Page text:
In Genghis Khan and the Making of the Modern World, award-winning anthropologist Jack Weatherford examined the life and legacy of the much-maligned 13th-century empire-builder. In The Secret History of the Mongol Queens, he continues his study with the polygamous and prolific leader's daughters, at least four of whom became queens and provided stability among the lands that made up the Mongol empire. Unfortunately, warring among family members resulted in a takeover by male relatives, and the record of the women's achievements was literally cut out of the Mongols' history book. Pick up this compelling account to find out what the censors omitted. History and Current Events March 2015 newsletter.
Weatherford's books on Central Asian history will inspire readers to reconsider their assumptions about the Mongolian Empire. Fascinating.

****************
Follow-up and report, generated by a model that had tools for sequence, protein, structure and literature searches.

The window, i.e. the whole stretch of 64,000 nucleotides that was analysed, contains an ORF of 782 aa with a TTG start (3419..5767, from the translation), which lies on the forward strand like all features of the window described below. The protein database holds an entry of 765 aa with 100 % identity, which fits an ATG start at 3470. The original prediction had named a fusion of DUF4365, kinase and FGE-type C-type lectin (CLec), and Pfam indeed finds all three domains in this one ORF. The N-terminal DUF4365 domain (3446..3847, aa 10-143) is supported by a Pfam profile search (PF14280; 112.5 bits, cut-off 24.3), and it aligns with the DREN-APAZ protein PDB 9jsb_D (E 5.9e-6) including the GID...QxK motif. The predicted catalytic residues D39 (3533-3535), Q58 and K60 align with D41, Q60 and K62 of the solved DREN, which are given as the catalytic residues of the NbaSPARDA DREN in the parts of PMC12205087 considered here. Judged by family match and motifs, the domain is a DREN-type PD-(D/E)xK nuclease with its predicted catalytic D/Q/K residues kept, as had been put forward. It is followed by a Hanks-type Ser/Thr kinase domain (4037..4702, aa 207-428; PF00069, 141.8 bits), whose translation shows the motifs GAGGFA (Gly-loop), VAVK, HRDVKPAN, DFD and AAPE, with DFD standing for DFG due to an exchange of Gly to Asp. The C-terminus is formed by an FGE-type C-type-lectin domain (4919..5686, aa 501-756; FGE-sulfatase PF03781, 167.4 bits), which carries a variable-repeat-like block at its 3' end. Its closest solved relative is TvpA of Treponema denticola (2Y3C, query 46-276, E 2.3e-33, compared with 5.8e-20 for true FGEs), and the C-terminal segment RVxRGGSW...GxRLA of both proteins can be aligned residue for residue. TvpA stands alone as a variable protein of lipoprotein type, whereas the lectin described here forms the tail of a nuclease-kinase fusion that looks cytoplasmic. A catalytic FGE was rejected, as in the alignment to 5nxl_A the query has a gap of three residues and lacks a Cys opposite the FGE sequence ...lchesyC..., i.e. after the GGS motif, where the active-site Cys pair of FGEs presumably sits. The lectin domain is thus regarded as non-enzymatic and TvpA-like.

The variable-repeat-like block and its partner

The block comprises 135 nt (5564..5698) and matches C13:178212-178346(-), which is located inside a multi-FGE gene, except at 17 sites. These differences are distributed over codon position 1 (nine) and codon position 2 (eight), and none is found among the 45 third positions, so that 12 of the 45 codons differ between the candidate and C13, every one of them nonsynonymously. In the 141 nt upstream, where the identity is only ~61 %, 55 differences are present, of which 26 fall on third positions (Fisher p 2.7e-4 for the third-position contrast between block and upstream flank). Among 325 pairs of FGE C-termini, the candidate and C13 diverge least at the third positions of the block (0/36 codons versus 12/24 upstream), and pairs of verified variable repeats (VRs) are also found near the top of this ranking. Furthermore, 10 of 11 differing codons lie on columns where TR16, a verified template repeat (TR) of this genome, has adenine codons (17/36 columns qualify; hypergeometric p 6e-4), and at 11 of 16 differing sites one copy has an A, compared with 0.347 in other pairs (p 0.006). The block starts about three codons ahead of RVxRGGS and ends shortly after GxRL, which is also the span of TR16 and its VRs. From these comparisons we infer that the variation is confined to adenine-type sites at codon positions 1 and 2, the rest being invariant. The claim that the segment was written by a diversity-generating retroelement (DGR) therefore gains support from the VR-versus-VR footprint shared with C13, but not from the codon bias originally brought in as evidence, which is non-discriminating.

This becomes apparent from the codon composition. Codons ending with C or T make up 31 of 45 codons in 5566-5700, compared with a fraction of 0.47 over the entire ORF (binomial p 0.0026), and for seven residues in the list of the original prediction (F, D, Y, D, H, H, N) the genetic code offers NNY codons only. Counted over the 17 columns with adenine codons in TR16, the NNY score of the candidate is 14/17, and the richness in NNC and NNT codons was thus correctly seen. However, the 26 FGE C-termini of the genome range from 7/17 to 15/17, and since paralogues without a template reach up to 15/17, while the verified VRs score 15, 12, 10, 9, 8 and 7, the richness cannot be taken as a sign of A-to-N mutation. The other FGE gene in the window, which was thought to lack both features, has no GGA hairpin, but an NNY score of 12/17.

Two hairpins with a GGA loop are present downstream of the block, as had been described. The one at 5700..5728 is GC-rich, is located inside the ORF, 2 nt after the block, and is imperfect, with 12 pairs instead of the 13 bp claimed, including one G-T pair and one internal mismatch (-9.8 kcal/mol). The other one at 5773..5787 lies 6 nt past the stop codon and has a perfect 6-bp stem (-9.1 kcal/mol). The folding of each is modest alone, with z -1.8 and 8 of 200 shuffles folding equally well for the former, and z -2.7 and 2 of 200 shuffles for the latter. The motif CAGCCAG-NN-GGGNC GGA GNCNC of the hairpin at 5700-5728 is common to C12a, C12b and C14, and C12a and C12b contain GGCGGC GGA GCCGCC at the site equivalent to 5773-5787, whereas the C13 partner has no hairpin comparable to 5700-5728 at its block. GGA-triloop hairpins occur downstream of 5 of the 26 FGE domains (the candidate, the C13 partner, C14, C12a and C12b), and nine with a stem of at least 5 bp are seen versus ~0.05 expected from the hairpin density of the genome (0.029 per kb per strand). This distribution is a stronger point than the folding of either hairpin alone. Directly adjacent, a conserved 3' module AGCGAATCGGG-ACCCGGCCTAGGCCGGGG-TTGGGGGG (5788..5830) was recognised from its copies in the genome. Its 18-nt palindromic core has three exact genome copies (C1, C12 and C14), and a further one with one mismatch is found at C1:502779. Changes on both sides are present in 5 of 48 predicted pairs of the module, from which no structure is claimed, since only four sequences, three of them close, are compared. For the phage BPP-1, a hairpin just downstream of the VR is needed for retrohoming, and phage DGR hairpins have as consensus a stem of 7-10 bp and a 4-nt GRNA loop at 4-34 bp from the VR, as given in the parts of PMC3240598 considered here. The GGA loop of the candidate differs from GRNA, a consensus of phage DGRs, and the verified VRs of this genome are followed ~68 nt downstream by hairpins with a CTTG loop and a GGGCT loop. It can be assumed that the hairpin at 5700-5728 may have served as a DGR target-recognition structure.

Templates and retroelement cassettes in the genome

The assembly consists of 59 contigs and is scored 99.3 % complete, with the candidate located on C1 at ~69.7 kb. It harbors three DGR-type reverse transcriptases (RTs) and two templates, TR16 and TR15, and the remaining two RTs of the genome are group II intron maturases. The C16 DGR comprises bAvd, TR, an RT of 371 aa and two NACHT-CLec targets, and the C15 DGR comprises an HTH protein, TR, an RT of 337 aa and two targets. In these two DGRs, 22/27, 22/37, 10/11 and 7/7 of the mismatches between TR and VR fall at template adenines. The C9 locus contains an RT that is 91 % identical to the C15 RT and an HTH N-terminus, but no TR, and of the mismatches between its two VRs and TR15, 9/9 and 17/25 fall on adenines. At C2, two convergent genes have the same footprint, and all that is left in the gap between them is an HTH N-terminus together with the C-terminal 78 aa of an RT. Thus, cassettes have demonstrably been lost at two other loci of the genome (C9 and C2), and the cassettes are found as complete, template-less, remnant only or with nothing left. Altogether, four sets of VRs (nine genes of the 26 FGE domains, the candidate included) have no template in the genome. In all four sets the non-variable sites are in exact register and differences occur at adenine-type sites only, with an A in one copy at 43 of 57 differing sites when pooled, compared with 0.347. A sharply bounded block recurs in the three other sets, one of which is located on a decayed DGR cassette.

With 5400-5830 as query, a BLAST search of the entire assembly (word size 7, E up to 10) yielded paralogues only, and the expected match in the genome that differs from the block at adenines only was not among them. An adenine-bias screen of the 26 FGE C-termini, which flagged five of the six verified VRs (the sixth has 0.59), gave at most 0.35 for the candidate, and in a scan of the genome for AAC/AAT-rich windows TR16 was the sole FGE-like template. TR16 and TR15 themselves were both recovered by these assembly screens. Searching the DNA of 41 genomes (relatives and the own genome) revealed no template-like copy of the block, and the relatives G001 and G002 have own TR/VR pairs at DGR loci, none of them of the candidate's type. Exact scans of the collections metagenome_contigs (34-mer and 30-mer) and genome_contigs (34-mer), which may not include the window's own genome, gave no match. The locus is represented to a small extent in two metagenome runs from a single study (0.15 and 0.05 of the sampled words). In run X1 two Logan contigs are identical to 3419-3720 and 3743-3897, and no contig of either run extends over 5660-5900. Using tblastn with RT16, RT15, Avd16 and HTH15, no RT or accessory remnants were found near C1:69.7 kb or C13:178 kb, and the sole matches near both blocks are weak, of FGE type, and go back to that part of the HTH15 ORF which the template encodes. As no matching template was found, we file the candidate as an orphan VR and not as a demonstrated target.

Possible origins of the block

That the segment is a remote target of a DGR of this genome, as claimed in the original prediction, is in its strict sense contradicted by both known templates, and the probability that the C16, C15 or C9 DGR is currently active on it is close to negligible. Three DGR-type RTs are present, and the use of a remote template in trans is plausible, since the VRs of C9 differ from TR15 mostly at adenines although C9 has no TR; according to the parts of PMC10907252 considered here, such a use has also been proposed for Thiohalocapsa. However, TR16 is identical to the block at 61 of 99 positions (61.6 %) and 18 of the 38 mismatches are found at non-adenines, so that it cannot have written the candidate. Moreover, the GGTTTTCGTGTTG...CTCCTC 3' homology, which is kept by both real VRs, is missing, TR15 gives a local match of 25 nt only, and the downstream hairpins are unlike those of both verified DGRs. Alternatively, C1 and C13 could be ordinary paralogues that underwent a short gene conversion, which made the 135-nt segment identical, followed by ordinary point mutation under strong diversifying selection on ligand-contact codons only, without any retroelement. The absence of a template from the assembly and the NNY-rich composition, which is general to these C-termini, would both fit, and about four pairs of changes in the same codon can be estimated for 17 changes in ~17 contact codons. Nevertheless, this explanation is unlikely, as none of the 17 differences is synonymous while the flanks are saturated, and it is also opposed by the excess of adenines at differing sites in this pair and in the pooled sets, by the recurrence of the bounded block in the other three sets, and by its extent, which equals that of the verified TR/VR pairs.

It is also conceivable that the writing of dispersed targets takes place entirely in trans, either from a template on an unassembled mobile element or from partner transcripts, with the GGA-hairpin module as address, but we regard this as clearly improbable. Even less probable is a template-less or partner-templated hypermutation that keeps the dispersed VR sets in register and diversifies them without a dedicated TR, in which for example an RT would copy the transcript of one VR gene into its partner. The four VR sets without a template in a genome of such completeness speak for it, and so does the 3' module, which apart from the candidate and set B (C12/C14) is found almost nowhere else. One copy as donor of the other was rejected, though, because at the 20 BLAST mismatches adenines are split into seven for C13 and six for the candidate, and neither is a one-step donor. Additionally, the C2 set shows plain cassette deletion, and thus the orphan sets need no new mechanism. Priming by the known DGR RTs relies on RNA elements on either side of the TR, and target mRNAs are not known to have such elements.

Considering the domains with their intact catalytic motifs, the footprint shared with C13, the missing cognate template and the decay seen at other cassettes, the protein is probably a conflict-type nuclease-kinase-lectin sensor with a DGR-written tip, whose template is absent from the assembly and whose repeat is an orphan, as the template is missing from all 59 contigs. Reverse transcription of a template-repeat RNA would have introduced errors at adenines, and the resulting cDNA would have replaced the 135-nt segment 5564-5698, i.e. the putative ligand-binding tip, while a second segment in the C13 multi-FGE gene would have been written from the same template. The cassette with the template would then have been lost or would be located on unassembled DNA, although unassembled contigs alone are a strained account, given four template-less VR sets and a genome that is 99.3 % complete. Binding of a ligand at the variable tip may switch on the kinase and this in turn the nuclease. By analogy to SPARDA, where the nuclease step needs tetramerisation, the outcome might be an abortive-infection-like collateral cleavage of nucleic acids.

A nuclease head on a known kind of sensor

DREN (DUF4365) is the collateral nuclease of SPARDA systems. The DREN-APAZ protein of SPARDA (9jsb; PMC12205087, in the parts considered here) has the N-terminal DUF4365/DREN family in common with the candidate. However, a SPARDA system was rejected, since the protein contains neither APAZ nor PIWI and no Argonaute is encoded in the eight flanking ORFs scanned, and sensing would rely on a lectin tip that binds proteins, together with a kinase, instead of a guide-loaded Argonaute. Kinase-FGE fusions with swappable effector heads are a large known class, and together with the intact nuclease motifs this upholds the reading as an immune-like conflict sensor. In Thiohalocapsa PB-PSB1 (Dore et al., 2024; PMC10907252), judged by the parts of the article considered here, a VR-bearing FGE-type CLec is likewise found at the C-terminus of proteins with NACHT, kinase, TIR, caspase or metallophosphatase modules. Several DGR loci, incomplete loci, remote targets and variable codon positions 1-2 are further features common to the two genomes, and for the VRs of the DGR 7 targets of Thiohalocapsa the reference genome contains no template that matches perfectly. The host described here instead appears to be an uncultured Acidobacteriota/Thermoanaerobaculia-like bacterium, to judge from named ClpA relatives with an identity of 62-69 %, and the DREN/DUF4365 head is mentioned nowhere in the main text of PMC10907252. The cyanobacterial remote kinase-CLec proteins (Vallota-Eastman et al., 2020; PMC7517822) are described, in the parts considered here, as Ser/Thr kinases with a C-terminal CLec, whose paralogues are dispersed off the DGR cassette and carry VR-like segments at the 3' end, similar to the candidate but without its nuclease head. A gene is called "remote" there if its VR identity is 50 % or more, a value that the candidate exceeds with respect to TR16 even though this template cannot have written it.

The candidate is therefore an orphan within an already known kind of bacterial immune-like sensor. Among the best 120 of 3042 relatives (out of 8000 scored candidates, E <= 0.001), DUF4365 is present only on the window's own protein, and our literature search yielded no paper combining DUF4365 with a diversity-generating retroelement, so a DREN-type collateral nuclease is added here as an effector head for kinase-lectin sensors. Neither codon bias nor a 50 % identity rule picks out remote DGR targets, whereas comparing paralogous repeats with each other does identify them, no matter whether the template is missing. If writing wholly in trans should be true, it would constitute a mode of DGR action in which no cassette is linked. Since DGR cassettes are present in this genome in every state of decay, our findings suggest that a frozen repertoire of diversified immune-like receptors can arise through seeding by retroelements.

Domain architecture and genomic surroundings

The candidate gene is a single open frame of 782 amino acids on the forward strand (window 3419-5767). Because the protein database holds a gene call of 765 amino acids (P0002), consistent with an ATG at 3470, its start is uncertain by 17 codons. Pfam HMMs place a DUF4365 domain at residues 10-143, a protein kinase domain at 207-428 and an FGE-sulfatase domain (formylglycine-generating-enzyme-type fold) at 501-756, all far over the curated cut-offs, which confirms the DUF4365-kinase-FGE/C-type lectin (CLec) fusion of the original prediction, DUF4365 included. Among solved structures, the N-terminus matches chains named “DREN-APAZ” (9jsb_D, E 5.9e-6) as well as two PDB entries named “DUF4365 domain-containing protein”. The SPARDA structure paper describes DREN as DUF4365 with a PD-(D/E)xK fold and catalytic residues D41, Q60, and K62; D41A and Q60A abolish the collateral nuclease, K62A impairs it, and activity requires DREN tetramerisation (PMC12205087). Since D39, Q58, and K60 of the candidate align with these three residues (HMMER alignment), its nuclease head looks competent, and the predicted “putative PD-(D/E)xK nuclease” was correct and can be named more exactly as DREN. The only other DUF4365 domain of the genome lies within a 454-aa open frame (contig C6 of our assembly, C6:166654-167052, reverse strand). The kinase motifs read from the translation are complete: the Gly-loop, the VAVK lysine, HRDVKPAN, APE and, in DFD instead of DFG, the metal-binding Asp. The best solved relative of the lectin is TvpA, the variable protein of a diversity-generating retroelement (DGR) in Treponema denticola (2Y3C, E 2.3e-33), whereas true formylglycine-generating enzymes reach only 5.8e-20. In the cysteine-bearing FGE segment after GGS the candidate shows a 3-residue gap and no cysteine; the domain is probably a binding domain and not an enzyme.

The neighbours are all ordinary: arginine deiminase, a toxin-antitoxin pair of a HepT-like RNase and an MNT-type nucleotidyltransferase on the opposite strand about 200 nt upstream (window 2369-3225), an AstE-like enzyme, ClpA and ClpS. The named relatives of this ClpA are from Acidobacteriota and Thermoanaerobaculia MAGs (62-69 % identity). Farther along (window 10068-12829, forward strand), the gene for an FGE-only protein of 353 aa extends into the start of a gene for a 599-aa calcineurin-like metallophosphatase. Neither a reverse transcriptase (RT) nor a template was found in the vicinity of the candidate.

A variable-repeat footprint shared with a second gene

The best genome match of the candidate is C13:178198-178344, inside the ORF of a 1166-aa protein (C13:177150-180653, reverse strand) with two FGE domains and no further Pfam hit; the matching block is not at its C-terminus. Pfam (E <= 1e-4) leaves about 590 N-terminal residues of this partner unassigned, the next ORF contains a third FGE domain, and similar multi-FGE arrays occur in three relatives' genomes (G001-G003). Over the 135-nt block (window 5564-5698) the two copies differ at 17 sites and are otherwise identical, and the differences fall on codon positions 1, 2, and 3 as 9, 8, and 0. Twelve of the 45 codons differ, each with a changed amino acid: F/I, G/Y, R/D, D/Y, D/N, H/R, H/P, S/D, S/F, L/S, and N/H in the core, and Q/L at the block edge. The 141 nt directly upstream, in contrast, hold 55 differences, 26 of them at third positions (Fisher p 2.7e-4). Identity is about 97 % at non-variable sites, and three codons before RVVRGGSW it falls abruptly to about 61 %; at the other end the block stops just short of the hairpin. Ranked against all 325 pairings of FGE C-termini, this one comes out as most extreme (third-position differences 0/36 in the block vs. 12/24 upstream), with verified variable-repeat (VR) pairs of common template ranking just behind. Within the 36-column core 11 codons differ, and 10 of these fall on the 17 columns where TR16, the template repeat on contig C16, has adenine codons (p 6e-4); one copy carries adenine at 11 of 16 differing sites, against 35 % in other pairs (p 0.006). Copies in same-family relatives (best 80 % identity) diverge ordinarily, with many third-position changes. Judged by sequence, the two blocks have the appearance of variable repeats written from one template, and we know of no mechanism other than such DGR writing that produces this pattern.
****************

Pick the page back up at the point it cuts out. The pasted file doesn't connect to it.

Reading this book has given me a new insight into the history of Mongolia, modern China and countries of the surrounding area.
Weatherford's research shows that women were active as negotiators and leaders, warriors and peacemakers. I do not find it surprising that revisionist historians, at various times, have tried to erase these women from the records.
For me, Jack Weatherford made this era of history both understandable and extremely interesting.
I recommend this book to anyone interested in how our modern world order developed.
The author being an anthropologist makes it more insightful to this very interesting history book.
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